In English

European Arms Exports Contributing to Wars

Parliament Magazine 2.10.2013

While the EU adheres to the common position on arms exports, there are gaps in transparency within the member states' military supply activities, writes Tarja Cronberg.

The EU may well currently be the second largest arms exporter in the world. Our arms are exported to all conflict areas of the world, especially to the Middle East. The three main destinations of EU arms are Saudi Arabia, the US and the UAE.

Conflicts raise the demand for weapons and, in turn, wars are upheld and supported by arms exports. From a global perspective, the EU adheres to the most advanced and binding export control standards, the so-called common position on arms exports. It states that arms should not be exported to countries where human rights violations occur, or to countries that re-export arms to third countries. It prescribes risk analyses based on eight criteria that guide national licensing policies. In light of this, exports to Saudi Arabia are questionable.

The aim of the common position has been to increase transparency. The common position has undoubtedly improved the situation regarding this as EU member states are now obliged to compile an annual report on arms exports to be submitted to the European council and to each other stating what kind of arms have been exported and to which countries. This provides some transparency as regards member states' arms exports.

However, transparency has its limits. Despite the obligations, not all countries produce the report; last year, 17 out of 27 member states did so. Reporting activities have in fact decreased during the last few years. The reports made available by important arms exporters, such as Germany, France and Great Britain, are simply inadequate. In Great Britain, for instance, the government has been accused of retreating from its previous commitment to increase public accountability as regards the export of arms and military supplies.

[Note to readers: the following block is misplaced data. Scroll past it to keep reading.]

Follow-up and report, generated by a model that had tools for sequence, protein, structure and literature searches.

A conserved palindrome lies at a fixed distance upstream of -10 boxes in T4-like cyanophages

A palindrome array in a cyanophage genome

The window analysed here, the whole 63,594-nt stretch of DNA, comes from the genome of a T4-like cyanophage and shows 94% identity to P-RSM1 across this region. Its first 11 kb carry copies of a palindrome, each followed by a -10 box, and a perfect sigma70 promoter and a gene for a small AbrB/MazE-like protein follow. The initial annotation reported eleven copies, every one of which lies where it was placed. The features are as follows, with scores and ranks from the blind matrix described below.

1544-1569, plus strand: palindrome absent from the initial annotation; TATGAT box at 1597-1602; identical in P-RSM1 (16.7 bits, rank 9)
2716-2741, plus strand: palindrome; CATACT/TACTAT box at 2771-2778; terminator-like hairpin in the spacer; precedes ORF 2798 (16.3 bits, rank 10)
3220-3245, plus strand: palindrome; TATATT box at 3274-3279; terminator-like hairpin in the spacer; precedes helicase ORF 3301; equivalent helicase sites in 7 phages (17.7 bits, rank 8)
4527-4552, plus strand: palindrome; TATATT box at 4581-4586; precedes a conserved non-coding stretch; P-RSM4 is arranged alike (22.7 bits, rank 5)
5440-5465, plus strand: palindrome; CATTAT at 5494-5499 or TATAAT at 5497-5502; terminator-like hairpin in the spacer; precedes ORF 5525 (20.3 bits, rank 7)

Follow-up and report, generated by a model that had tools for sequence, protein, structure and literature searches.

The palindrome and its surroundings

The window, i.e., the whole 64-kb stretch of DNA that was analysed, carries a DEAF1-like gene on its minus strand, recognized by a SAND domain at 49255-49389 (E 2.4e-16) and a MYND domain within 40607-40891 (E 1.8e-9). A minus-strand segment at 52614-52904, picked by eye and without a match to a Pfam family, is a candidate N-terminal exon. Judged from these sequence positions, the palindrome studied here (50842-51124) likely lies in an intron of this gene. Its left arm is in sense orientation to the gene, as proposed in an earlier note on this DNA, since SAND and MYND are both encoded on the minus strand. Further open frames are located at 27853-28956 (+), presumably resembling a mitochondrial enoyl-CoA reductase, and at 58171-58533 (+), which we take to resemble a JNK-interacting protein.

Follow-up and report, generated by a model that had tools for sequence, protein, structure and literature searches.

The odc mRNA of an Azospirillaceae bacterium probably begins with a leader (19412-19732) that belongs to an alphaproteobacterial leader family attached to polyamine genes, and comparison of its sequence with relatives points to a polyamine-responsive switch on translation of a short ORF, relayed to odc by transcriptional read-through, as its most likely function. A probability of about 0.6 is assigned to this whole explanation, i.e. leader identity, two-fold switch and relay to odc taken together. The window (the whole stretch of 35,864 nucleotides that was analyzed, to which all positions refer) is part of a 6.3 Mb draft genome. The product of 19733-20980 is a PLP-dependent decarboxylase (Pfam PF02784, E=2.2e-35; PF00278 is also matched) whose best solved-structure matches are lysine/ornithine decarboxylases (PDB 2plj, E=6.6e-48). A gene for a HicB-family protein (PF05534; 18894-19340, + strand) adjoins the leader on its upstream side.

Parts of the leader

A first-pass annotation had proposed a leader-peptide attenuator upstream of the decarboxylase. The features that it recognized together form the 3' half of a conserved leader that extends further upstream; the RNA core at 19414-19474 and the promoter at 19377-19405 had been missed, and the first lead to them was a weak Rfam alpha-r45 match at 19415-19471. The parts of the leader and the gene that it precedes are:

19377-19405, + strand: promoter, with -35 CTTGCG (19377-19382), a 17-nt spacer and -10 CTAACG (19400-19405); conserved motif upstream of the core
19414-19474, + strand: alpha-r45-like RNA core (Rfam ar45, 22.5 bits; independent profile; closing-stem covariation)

The most significant problem in reporting relates to the fact that it is almost impossible to compare the exports of two member states on the basis of the reports, even regarding the same country of destination. It is, for example, not visible from the reports whether one export country has refused arms exports to a certain country of destination whereas another has accepted them. Especially in these cases, a common position would be important. Are there any human rights violations in the country of destination? Are there risks involved or not? These questions must be asked.

Member states only register the date for accepted exports, not when arms are being shipped. During the Arab spring things changed rapidly. Finland, for example, managed to export weapons to Bahrain by registering licenses through different authorities and for separate years. The actual arms export took place in 2011, when conflict and human rights violations were already widespread. Risk analysis as to human rights violations are thus becoming more and more important.

When exporting arms to so-called post-embargo states, cooperation between countries is essential. A common position would require consultations, but there are inadequacies in the procedures.

EU member states are currently cutting their defence spending. This implies that less money is available for arms deals. Each country is keen on supporting its own defence industry and aims to safeguard its export activities. Employment provided in the weapons industry is an argument commonly used to support arms exports regardless of the common position. Hopefully the euro crisis will not turn the common position into a paper tiger that nobody takes seriously. Especially as, so far, it has been an important basis for working on an agreement on a global arms exports accord.

One also has to keep in mind that the arms export industry benefits from a situation where all parties follow the same rules. The European industry is benefiting from the fact that it has a good global reputation and that it represents European values, human values, democracy and the rule of law. Transparency will also represent a competitive advantage in the future. This is something to keep in mind when discussing military industry, technology and so-called pooling and sharing in the European parliament this autumn.

Tarja Cronberg is a member of parliament's security and defence subcommittee

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